Optimization of Rock Physics Models by Combining the Differential Effective Medium (DEM) and Adaptive Batzle-Wang Methods in “R” Field, East Java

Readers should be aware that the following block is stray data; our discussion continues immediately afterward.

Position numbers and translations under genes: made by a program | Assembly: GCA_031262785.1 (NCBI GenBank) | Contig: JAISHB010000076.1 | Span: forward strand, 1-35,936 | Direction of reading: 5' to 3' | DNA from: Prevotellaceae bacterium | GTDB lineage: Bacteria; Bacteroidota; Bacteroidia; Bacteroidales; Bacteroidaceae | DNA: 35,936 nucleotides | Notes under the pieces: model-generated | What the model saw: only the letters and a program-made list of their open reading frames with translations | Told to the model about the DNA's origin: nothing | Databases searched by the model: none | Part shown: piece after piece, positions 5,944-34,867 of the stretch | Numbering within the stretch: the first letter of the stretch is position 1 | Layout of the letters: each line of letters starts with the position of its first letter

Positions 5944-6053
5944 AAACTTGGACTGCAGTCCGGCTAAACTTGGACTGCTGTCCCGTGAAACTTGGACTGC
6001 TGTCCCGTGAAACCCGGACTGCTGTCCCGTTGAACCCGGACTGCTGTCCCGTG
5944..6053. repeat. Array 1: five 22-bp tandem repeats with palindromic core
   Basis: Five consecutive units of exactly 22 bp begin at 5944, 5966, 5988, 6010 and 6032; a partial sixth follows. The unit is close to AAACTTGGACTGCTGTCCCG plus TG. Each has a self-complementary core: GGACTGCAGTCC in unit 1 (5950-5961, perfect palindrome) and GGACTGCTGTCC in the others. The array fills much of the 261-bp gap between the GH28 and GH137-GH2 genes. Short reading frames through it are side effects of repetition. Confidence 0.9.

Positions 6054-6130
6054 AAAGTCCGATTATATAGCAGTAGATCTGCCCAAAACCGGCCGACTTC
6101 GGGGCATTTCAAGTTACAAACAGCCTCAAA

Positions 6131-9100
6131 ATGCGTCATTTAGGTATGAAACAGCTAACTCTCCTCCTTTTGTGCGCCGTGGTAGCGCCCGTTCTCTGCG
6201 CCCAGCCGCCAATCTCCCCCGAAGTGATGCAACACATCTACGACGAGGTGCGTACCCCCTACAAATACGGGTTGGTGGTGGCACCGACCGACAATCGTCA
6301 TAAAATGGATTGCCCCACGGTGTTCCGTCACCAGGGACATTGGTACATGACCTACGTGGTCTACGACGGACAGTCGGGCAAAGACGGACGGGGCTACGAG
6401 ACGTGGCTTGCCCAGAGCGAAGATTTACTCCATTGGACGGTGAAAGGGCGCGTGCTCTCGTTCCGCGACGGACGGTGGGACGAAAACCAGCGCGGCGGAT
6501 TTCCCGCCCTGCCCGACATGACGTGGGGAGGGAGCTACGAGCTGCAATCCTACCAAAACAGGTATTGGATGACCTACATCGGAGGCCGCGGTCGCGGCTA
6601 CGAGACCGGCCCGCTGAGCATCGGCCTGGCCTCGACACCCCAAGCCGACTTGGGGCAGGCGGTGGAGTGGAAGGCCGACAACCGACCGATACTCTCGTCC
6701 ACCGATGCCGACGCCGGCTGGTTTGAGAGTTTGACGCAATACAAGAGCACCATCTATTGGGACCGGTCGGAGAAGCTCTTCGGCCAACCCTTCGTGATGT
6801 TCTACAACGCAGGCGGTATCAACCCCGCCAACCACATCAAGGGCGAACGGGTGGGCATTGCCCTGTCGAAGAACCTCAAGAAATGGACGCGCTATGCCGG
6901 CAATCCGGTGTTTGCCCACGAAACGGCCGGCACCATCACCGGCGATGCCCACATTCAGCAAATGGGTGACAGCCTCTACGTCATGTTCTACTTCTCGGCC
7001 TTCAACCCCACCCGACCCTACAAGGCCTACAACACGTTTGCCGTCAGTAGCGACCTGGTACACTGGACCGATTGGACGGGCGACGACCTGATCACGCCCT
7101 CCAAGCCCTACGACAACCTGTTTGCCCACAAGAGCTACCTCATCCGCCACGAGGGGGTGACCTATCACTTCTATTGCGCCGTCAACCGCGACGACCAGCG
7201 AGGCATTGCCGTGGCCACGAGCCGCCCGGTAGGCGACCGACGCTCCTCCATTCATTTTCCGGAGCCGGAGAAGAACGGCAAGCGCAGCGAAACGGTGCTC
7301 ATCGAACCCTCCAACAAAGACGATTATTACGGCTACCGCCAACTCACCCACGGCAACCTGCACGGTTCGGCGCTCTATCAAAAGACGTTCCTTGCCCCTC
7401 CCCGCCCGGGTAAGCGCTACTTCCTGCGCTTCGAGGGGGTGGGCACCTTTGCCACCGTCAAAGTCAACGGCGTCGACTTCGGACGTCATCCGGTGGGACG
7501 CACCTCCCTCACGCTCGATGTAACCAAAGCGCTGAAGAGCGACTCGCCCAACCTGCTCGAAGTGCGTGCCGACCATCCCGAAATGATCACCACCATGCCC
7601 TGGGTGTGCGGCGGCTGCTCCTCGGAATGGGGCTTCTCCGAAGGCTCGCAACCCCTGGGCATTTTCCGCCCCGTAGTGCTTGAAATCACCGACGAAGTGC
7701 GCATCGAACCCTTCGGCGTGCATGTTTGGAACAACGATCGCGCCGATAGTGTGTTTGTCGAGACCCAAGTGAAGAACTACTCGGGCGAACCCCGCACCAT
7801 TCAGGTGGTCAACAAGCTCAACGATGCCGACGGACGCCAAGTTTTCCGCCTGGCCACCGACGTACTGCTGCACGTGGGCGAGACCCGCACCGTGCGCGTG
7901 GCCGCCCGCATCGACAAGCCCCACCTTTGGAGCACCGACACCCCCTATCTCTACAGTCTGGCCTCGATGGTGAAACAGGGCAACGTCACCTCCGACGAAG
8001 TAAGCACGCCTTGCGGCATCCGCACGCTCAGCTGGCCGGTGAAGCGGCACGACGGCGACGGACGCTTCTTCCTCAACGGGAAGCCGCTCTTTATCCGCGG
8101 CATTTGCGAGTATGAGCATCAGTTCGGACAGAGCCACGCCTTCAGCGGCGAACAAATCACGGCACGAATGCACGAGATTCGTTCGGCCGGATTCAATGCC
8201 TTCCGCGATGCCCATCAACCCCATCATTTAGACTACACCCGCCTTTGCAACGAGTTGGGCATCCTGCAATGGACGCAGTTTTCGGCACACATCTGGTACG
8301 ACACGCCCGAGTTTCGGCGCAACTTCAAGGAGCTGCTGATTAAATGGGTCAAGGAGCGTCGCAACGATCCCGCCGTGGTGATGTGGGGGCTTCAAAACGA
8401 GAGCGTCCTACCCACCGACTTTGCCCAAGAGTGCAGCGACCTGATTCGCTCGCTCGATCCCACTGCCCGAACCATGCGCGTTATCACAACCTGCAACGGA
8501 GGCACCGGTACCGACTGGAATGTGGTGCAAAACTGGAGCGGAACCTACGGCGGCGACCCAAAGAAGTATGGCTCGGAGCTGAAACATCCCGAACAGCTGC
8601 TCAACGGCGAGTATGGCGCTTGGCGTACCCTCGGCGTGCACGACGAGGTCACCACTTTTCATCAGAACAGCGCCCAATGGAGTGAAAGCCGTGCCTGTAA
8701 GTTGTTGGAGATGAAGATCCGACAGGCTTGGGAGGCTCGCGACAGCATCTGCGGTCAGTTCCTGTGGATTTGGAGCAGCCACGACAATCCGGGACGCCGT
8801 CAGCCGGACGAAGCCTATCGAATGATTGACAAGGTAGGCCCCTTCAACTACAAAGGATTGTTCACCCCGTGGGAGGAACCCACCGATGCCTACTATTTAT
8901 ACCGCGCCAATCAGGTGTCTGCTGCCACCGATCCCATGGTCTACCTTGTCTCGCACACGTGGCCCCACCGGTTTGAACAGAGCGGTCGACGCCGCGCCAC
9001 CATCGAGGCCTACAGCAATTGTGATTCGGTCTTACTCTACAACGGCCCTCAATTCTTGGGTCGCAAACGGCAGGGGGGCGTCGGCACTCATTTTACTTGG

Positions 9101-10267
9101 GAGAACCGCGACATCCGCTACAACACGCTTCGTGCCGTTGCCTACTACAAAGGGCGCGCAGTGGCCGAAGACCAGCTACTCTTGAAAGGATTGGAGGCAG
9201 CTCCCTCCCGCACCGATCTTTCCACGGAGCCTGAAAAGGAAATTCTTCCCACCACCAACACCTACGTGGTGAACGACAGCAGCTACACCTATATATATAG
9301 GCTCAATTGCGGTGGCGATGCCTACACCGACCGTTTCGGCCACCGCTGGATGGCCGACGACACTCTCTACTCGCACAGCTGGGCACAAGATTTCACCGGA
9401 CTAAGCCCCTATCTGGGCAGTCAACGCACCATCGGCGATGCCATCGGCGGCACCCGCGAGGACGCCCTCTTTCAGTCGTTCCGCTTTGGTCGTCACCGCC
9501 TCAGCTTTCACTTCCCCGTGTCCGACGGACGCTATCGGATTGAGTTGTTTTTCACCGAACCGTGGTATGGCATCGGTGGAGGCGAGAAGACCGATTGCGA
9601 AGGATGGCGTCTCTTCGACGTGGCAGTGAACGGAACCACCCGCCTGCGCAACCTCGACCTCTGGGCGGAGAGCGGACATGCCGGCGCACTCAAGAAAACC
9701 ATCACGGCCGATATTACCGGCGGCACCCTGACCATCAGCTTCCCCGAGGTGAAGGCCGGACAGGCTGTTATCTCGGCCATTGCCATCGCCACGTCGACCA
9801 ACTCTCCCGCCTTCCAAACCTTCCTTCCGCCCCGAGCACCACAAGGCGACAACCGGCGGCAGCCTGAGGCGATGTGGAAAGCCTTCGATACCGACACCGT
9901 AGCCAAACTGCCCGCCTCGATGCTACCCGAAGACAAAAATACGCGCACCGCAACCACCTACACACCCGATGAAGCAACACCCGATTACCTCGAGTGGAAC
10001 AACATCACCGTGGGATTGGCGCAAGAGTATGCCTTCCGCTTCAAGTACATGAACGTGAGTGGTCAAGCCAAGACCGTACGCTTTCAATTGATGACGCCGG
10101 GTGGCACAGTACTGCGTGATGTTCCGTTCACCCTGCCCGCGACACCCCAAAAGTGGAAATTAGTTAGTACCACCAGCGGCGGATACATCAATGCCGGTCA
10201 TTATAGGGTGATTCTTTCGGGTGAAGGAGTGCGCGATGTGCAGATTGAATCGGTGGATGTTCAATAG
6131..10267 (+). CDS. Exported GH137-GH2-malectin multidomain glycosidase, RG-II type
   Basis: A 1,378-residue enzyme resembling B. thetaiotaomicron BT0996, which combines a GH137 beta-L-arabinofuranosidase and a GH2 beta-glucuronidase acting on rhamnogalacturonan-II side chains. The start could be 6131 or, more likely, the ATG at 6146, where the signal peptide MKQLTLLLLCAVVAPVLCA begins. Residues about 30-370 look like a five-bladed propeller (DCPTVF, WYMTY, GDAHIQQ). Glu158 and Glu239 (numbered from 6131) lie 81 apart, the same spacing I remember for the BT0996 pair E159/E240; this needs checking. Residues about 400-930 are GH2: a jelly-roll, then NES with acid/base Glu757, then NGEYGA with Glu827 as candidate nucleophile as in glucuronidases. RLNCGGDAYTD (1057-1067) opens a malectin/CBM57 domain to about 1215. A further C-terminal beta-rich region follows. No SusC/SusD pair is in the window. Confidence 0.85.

The pore systems in carbonate reservoirs are more complex than the pore systems in clastic rocks. There are three types of pores in carbonate rocks: interparticle pores, stiff pores and cracks. The complexity of the pore types can lead to changes in the P-wave velocity by up to 40%, and carbonate reservoir characterization becomes difficult when the S-wave velocity is estimated using the dominant interparticle pore type only. In addition, the geometry of the pores affects the permeability of the reservoir. Therefore, when modelling the elastic modulus of the rock it is important to take into account the complexity of the pore types in carbonate rocks. The Differential Effective Medium (DEM) is a method for modelling the elastic modulus of the rock that takes into account the heterogeneity in the types of pores in carbonate rocks by adding pore-type inclusions little by little into the host material until the required proportion of the material is reached. In addition, the model is optimized by calculating the bulk modulus of the fluid filler porous rock under reservoir conditions using the Adaptive Batzle-Wang method. Once a fluid model has been constructed under reservoir conditions, the model is entered as input for the P-wave velocity model, which is then used to estimate the velocity of the S-wave and the proportion of primary and secondary pore types in the rock. Changes in the characteristics of the P-wave which are sensitive to the presence of fluid lead to improvements in the accuracy of the P-wave model, so the estimated S-wave velocity and the calculated ratio of primary and secondary pores in the reservoir are more reliable.